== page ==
A couple of things should be noted though, to avoid any confusion. The performance models of the Renault 5’s were initially labeled as Alpine, the performance and racing branch of Renault. Subsequent models, like the Alpine Turbo and the GT Turbo, would still rely on the platform the Renault was known for; engine and drive in the front, spacious cabin in the back.
The Renault 5 Turbo and Turbo II, however, moved the engine and drive to the rear, to create a much faster car and subsequently one of the first-ever hot-hatches. It essentially became a mid-engined car aimed to go rallying. See how this can get confusing?
The distinction between the mid-engined Turbo and Turbo II with the Alpine, Alpine Turbo, and GT Turbo is quite easy from the outside though. The Renault 5 Turbo (I and II) features big, boxy wheel arches and updated aerodynamic elements. Behind the seats was a 1,4 or 1,5-liter turbocharged engine that started at 158hp. The Renault 5 Turbo was built to homologate the little car for rallying, which required 400 road-legal cars to be produced at the time.
The Turbo and Turbo II are much more aggressive cars, both in performance and looks. This culminated in the full rally-prepped Renault Maxi Turbo, which produced over 340hp and competed in the Group B World Rally Championship. It wouldn’t be as successful as Renault hoped, mainly due to the lack of performance against four-wheel drive competitors. In total, a little under 5,000 of the road-legal pocket-rockets would be built.
Petrolicious made this fitting tribute to the Renault 5 Turbo II;
And the Renault 5 Turbo II is where Legende Automobiles comes in, and reworks it into the Turbo III, a new chapter for the boxy hatchback. The name might suggest a French company but it is very much a US-based workshop. Legende Automobiles is set up between three men sharing a similar passion for cars. Alan Derosier dreamed of building a restomod car since he moved to Los Angeles in 2018, and although he loves Porsches, he didn’t feel like he wanted to compete with Singer, Rod Emory, Guntherworks, or any other prolific Porsche restomod-shop. So, another childhood icon was selected; the Renault 5. Together with Charly Bompas and Pierre Chaveyriat he managed to build a rather impressive looking machine indeed.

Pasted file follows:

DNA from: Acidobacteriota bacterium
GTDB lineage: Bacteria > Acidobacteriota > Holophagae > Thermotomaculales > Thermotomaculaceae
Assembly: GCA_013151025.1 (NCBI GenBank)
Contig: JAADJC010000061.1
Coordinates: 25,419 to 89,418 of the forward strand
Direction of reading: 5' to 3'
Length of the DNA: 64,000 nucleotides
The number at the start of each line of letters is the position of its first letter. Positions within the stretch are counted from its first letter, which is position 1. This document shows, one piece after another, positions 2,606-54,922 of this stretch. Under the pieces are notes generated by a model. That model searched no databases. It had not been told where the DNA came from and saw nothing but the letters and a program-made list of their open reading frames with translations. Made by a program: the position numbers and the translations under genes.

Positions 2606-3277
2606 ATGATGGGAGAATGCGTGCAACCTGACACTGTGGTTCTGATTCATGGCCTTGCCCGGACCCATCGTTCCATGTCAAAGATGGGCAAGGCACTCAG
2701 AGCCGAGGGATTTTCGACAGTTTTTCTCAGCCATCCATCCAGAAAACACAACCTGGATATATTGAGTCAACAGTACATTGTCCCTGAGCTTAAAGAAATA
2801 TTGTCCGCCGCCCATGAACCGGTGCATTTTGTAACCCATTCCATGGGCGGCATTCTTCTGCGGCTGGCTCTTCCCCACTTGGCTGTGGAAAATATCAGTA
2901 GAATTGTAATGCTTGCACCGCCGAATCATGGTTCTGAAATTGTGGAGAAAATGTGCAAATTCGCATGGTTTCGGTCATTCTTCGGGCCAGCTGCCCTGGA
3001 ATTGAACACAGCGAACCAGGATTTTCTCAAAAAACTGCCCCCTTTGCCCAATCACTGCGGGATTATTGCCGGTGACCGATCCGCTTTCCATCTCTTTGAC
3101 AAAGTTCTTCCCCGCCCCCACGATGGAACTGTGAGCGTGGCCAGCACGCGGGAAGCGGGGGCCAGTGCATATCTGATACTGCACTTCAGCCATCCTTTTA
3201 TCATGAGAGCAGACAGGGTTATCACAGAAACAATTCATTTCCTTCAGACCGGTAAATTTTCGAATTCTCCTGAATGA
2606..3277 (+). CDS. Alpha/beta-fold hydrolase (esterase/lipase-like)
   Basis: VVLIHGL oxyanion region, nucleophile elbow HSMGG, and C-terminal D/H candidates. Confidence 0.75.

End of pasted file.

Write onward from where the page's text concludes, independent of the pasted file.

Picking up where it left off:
From the outside, there’s not all that much to give away the work Legende Automobiles has done. Sure there are the modern LED headlights and custom diffuser and exhaust set-up in the back, but that essential eighties-madness is still there (which is a good thing!). However, upon closer inspection, a lot has changed to change the Turbo II into the Turbo III. For starters, there’s the body, almost entirely done in carbon fiber. It has also been widened to accommodate bigger wheels.
The upgrades don’t end there, as there’s modern suspension all-around and a new four-cylinder engine producing 400 horsepower which is of course mounted behind the seats. A new sequential gearbox sends that power to the rear wheels only, which should make this car plenty of fun to drive! Just like the outside and underside of things, the interior has also been updated.
In true Renault 5 style, the less-is-more design of the cabin is retained, although now with a fully digital instrument cluster. An exposed roll cage indicates this car means some serious business, as the specs seemingly back up rather fittingly. The car is finished in a grey and orange combination, which continues on the inside as well.
For now not much else is known, as Legende Automobiles keeps a few things under wraps so far. The price for instance, or how many the three-man team is planning to build. Oh, and the source of the engine isn’t fully known either, but rumors go it is a Renault Megane RS engine.